When an Omnivore’s Child Goes Vegetarian

My oldest child, Mae, was the quintessential “easy” baby/child. She slept great, and pretty much through anything, and went everywhere with a smile on her face. I really cannot remember a time where she had a difficult day until she hit three years old. She was/is a constant ball of joy. I’ve also always called her our “nurturer”. She has a gentle soul and a motherly attitude towards most anything. I see her being a healer or a caretaker in her adult life.

That being said, the only difficulty we struggled with was her extreme pickiness with food and eating. She’s always been on the small side, in the 10th percentile for height and weight, so when she became very strict on what she would and wouldn’t eat, we grew concerned. I’m not the type of parent that says, “if she’s hungry enough, she’ll eat” nor am I the type of parent that will be a short-order cook. How would you feel, as an adult, if you were forced to eat your most hated food or go hungry? It’d be pretty frustrating for sure. So we tried to work with her as best as possible. Right away we noticed that she didn’t like meat products for the most part. This preference started around 18 months. She would routinely leave the meat products for the last part of the meal, only to eat if she was still hungry, and eat her fruits and vegetables first.

When she came to us around age four, ecstatic that she was able to watch baby chicks hatch right from the eggs, I inwardly grimaced. That was one of the few meat products she’d eat!! Maybe she wouldn’t notice or she’d forget. Oh the feeble hope of a mom who knows that her child will remember, yet it’s there.

Two days later, after I set scrambled eggs down in front of her, she stared at her plate. Staring back at her staring at her plate, I ask:
“Everything ok?”
“Uh… momma? What are these?”
“You mean baby chickens?”
“Uh… yeah. I guess they are baby chickens that haven’t hatched yet.”
“I’ll just eat my oatmeal instead.”

From then on, she was pretty much a non-egg eater. Having seen eggs hatch into “beautiful little babies, who are so soft and cute!” ruined any chance that she would ever eat eggs again. Every once and awhile she’d eat some eggs, but it was a rare occasion. I knew at that point, we’d reach a junction in the future that she would decide to forego all meat. Both my husband, Marshall, and I agreed, we’d honor her wishes.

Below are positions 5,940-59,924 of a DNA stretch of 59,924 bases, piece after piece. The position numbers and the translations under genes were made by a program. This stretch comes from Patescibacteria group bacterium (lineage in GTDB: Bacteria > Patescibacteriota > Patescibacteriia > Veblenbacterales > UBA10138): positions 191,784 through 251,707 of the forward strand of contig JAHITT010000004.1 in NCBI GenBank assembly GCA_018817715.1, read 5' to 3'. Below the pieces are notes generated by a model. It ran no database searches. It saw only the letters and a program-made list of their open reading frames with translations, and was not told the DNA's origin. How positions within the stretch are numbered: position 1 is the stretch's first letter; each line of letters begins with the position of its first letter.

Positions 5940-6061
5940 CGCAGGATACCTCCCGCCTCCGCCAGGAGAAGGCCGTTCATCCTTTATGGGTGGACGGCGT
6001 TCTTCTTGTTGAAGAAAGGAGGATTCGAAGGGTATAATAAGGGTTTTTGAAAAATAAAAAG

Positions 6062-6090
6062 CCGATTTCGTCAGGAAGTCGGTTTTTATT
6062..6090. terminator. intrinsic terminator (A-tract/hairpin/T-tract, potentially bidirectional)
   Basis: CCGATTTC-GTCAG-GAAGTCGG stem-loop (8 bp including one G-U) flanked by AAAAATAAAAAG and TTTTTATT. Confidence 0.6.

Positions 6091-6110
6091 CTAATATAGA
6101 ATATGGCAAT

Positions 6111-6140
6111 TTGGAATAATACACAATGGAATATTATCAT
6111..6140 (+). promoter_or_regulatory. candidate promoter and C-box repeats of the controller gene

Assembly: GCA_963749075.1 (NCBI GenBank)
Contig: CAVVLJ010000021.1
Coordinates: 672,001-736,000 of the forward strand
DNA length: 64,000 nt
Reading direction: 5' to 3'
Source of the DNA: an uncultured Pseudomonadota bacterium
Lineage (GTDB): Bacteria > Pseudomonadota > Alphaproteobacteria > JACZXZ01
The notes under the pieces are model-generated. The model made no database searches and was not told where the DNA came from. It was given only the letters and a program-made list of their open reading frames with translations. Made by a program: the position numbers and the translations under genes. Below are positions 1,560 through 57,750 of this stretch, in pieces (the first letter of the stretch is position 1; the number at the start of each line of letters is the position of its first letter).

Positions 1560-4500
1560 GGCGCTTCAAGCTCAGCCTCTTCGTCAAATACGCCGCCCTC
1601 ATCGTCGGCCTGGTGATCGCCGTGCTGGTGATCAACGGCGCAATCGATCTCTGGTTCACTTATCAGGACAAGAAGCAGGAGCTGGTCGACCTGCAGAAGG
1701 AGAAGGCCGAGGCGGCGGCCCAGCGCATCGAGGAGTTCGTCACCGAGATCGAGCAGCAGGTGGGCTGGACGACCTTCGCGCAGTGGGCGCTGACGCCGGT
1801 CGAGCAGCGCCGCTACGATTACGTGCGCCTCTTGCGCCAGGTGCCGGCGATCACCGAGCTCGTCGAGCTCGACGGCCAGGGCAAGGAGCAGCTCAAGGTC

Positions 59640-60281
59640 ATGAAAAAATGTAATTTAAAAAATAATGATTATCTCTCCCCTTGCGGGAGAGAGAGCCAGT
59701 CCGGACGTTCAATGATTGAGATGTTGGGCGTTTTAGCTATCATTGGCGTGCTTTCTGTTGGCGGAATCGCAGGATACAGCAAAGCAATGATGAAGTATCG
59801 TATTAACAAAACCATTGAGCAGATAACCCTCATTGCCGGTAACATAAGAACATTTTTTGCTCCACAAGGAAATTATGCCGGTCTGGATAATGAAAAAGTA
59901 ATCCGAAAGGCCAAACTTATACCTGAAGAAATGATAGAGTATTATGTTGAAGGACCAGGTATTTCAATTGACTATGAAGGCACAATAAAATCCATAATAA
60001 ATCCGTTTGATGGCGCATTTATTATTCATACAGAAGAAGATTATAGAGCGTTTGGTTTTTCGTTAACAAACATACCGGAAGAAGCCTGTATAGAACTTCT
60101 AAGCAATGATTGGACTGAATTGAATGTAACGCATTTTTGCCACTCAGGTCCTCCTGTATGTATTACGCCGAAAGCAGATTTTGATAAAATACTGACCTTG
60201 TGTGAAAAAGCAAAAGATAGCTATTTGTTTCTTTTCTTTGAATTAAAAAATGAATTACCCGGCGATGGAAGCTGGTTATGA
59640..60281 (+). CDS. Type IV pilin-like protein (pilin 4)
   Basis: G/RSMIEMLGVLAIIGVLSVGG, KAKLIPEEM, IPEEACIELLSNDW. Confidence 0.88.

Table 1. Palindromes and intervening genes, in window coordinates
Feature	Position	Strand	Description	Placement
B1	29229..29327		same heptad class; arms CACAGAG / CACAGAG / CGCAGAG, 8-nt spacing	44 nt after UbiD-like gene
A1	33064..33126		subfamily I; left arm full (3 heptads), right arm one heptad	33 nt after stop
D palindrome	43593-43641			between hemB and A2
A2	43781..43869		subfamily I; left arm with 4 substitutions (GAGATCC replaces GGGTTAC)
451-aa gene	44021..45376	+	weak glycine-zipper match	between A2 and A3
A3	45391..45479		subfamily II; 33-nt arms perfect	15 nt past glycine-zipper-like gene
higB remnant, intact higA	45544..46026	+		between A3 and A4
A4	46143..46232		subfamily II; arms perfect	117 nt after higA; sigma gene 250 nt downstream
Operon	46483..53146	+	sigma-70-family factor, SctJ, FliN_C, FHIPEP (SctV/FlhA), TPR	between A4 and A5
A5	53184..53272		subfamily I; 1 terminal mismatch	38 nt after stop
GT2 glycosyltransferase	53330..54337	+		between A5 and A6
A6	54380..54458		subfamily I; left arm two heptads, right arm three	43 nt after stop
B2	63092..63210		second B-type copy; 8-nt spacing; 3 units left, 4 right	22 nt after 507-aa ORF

We firmly believe that every child should have body autonomy. They have a right to decide what happens to their bodies and what food they consume. Parents are constantly telling children to have personal space and make sure no one violates that personal space, yet we treat them as if they don’t have a mind, wants, needs, and opinions on what happens with their bodies. This is another post for another day, but to keep it short, we believe it lays the groundwork for a solid, trusting relationship and a confident, self-aware adult when we allow them to have choices as a child.

About a month and half ago, we were watching NatGeo and Mae started talking about nature. She became increasingly distressed at the thought of consuming meat and killing animals. “But mom! We shouldn’t be killing animals! That hurts them and then they’re dead and their babies are sad. What if we kill a baby?! Then their momma is sad. I don’t want to hurt nature. I want to protect it and love it. If we eat too much animals, pretty soon we won’t have any left!” She displayed a better understand of conservation, animal welfare, and the degeneration of our planet than most adults do.

I listened to her concerns, told her I understood them and if that is what she feels, then I support her. At lunch I offered her either fish sticks or a sandwich, “Is fish sticks nature?” she asked me. I responded that yes, fish sticks are “nature”. She promptly chose a PB&J sandwich.

Since then, she has been diligent in asking if a meal contains meat, and deciding against it, if it does. She’s opened her menu of acceptable foods to include more vegetables, fruits and grains. She’s become adventurous in her eating, trying new things and being excited about it. I applaud her for taking a stand for something she believes in, I’m proud of her for trying new things and I’m excited for her to develop a part of herself for herself. Maybe all of our struggles with her eating habits in the beginning wasn’t her being picky, but us not following her cues.

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